All Earth. Allterra

Allterra Solar is a familiar name in Santa Cruz. You’ve seen the branded vehicles, attended events they’ve sponsored, and possibly had them out to your house for a solar evaluation. All told - they have a real presence and some serious local brand recognition. That being said, have you ever really thought about what “Allterra” actually means? My ‘duh’ moment came during an interview with James Allen, founder and CEO, when he shared that Allterra simply meant “all earth”. All meaning “all” in English and “Terra” being Latin for “earth.” Turns out Allterra is actually a fitting name for their company – a business focusing on providing green solar energy.    

Allterra has been around since 2004 (nearly 15 years!). James and his brother, Nathaniel, launched as an environmental consulting company, and in 2009 they started the solar division.

“We were looking around and were blown away that there wasn’t more solar on rooftops. As environmental company, we felt a need to help accelerate its adoption in Santa Cruz. The fact that solar produces clean energy and saves people money made it an obvious area for our business to pivot into” — James Allen

Alltera Solar is one part green business and one part tech, and while they don’t develop any of their own technology they are responsible for the boots on the ground (or roof) integration of solar technology into the built environment.    

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Part of the company’s growth has come from their partnerships with local nonprofits like Habitat for Humanity. Allterra has been working with Habitat for years now but they have reinvigorated their connection through the ‘My House My Home’ initiative - a local housing program also backed by the City of Santa Cruz to help seniors stay in their homes through the construction of auxiliary dwelling units (ADUs or Granny Units). For more information about the My House, My Home program, check out the video below.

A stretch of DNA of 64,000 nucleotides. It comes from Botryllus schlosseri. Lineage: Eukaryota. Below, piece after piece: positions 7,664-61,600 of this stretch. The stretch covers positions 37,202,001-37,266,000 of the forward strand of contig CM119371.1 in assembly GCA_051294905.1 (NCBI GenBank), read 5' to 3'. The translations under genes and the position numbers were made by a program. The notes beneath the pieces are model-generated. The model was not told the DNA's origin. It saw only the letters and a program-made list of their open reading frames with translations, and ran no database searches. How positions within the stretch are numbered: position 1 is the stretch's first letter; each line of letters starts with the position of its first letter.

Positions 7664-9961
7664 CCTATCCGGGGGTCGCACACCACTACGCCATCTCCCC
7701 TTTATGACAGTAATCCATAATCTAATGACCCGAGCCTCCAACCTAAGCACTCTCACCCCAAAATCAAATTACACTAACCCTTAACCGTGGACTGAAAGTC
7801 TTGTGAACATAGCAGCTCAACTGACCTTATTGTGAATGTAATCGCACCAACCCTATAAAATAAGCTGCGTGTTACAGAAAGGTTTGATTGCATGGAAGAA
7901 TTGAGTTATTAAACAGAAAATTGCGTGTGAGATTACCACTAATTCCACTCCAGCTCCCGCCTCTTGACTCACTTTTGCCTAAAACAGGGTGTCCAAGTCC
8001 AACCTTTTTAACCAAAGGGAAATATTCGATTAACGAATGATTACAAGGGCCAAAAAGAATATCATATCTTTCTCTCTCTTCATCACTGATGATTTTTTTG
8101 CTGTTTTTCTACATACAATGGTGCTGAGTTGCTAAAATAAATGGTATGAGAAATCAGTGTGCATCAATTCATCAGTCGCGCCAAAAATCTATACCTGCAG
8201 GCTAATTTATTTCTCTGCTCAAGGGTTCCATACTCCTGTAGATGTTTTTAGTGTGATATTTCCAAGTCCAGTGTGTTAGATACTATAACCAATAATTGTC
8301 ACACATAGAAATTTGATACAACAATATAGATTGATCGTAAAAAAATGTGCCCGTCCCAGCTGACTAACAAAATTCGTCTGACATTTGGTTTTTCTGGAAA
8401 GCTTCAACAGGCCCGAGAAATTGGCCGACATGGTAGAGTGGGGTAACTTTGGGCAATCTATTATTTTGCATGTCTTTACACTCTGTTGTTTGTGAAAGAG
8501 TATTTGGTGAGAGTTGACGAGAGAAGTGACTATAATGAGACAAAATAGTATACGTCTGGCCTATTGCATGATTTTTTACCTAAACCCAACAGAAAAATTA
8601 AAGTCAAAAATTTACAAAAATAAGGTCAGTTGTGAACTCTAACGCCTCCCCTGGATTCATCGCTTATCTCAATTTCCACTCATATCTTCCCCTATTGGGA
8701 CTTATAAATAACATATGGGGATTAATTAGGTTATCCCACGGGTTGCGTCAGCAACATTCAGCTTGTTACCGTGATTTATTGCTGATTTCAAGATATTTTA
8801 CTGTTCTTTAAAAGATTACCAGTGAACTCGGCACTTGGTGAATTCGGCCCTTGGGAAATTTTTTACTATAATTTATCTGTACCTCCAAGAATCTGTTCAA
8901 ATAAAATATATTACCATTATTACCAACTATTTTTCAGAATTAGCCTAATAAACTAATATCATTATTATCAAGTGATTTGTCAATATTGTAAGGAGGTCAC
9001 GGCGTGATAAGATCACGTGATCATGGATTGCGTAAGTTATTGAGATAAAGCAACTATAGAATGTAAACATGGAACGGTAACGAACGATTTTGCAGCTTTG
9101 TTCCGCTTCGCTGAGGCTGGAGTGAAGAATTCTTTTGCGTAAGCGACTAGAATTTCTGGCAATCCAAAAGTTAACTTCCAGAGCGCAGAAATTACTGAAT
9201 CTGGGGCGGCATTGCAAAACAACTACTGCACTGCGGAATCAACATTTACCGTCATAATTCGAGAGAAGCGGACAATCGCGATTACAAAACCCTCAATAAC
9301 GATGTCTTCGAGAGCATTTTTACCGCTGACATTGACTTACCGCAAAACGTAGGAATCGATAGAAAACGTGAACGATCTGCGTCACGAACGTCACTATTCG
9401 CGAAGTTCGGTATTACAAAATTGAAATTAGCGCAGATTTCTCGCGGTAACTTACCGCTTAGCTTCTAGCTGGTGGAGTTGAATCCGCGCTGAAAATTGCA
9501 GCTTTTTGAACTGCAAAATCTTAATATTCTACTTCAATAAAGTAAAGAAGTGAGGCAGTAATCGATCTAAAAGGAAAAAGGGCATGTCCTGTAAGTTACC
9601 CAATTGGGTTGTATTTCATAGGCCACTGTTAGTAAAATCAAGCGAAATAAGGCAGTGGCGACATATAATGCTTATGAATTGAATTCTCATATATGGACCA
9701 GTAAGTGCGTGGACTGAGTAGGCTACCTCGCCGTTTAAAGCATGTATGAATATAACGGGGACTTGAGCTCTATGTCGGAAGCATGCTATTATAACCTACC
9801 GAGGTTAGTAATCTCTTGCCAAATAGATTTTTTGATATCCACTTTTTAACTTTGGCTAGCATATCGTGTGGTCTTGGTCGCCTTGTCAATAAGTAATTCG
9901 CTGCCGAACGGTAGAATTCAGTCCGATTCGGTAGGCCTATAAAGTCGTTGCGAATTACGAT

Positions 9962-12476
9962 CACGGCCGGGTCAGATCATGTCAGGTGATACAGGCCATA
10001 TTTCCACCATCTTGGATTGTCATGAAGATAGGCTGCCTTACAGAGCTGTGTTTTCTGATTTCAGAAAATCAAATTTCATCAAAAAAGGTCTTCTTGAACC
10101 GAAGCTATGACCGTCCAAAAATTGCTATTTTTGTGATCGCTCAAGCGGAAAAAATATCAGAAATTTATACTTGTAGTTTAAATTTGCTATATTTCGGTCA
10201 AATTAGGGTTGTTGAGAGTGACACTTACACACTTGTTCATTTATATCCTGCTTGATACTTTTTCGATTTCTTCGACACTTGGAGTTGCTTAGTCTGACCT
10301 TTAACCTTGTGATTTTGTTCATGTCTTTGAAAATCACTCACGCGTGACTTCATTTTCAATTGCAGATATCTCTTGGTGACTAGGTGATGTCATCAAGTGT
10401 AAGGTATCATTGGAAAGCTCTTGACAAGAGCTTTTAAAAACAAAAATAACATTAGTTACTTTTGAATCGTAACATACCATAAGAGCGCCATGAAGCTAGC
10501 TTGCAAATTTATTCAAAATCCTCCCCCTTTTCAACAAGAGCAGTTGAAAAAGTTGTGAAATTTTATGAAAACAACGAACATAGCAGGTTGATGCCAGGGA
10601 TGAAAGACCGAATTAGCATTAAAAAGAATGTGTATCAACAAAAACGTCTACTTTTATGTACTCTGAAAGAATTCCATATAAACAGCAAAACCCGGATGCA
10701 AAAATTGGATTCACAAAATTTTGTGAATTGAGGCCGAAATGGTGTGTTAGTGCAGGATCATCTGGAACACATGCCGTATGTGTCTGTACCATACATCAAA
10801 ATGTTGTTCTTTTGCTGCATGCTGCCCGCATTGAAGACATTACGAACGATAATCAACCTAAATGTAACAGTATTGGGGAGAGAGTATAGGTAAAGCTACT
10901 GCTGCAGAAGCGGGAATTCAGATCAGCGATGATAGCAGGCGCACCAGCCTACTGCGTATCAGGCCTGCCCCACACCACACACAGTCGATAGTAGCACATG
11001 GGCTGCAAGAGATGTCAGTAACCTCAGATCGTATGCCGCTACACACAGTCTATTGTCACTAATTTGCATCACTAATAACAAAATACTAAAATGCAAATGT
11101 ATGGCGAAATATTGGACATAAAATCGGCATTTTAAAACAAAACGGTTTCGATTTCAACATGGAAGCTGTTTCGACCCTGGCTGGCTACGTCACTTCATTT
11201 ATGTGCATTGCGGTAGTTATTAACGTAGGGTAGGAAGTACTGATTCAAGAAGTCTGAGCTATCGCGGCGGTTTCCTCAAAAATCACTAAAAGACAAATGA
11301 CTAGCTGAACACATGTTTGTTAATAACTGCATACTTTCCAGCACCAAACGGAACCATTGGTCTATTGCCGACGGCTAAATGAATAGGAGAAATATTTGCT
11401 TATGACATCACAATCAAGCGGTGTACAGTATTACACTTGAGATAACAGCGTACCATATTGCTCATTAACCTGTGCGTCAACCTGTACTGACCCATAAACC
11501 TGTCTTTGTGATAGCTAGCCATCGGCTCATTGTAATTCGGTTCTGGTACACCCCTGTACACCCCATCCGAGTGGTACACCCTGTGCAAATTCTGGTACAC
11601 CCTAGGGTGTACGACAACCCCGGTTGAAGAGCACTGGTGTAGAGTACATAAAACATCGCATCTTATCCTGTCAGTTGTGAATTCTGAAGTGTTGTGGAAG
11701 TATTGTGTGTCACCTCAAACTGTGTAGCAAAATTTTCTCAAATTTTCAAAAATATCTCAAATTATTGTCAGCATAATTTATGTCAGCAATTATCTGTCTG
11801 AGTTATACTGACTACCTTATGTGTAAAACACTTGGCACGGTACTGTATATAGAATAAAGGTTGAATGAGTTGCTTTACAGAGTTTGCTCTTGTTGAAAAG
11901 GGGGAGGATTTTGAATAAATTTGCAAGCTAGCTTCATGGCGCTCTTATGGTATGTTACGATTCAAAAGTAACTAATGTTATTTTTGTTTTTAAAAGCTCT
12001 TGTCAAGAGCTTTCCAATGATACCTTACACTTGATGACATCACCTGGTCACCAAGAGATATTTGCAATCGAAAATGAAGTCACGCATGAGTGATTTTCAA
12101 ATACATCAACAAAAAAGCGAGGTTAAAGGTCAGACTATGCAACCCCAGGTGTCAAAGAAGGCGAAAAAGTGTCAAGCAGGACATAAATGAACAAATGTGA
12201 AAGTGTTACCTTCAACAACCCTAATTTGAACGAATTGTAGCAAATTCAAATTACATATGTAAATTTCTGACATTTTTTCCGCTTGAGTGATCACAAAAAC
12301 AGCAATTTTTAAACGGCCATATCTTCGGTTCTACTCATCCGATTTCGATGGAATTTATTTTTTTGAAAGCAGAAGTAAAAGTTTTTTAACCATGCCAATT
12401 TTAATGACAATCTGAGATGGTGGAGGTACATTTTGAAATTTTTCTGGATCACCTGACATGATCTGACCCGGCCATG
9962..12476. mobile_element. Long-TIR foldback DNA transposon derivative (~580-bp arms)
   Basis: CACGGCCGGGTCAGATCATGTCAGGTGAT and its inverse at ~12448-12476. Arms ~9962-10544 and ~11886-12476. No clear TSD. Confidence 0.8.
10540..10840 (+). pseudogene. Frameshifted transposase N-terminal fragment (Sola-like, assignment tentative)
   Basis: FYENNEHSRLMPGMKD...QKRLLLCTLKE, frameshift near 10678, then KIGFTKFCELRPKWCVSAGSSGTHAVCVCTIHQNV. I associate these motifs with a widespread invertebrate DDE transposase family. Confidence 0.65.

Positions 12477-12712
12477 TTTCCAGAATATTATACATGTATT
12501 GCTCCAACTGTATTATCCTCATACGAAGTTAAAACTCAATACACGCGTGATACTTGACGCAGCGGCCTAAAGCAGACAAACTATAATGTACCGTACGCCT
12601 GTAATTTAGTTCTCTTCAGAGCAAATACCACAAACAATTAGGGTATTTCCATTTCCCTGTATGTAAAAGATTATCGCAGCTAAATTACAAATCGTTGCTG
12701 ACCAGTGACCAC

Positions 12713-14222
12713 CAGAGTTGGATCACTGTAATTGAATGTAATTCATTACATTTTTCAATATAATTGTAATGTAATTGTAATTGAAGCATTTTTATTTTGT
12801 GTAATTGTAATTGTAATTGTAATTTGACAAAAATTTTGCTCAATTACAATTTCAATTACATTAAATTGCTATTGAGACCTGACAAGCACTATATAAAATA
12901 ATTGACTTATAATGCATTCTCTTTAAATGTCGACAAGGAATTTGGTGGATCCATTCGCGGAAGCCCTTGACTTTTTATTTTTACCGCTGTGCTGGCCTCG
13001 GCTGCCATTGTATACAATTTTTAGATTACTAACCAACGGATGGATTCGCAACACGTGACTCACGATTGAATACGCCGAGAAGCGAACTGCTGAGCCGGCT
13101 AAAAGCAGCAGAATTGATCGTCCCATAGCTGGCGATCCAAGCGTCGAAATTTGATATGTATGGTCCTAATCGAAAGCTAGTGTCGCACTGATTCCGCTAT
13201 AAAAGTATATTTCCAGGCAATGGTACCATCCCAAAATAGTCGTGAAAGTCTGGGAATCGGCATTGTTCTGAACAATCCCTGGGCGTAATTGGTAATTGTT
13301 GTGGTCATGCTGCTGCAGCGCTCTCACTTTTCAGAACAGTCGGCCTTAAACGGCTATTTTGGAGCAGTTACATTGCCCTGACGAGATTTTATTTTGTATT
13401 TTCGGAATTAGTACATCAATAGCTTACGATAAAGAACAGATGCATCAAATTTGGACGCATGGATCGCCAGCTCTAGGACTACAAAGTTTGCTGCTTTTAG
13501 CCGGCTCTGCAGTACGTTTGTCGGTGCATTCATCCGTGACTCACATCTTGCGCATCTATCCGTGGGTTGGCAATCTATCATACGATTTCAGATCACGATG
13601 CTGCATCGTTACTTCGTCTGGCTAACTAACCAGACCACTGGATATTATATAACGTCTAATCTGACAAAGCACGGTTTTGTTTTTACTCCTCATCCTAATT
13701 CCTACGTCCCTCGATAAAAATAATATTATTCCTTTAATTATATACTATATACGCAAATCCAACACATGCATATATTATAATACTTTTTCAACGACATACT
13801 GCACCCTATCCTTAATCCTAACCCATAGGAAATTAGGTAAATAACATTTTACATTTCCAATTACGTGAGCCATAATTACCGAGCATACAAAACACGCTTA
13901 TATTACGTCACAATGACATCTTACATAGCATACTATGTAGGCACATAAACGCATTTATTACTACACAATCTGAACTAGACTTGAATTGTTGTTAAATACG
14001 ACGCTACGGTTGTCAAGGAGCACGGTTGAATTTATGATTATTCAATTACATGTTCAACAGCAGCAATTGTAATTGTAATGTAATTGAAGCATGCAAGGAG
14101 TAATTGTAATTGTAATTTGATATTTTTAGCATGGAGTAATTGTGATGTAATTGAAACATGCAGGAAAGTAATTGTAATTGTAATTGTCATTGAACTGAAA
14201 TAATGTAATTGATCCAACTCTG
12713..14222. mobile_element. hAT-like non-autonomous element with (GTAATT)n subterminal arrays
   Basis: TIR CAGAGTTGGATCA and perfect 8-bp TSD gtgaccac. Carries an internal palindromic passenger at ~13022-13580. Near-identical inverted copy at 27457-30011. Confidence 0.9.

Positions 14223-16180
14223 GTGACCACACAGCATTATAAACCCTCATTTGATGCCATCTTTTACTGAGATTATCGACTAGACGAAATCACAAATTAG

Establishing Allterra in the solar game was no easy thing and installing solar panels onto a home or business is a lot more complicated than people might think. According to James, “there are a lot of moving parts and essentially we’re building power plants and putting it on people’s roofs”. On a typical home, installation might take a day or two, but before the panels are connected there are 6-8 weeks of logistics occurring behind the scenes. Coordinating with PG&E, engineering design, permits, and all of the necessary parts have to be in place before arriving at the installation phase. And for Allterra there is actually a competitive edge to be a small local business. Not only do they get to live and work in a community that they love, but having local know-how and relationships with all of the players and partners involved in the solar process really provides them with an advantage. Having a relationship with local planning departments and inspectors and having a clear understanding of local permitting processes helps everything go a lot smoother, and a smooth install is a definite benefit to the consumer.

For James, Santa Cruz has been the perfect place to build his business, and it has been particularly exciting for him to see so many new businesses start and grow in Santa Cruz.

There was this period when new, young entrepreneurs started launching new businesses and that was just exciting to see. It is fun talking to other business owners that have gone through some of the same challenges that you've gone through, sharing ideas, sharing best practices, helping people avoid pitfalls. It has been a really fun time to be in Santa Cruz, to be running a business, and to be a part of it all. It is impressive seeing Santa Cruz continue to grow — James Allen

To learn more about Allterra Solar, visit their website

"Santa Cruz Housing Crisis - How Habitat for Humanity and Allterra Solar are Helping" Video credit: Swan Dive Media

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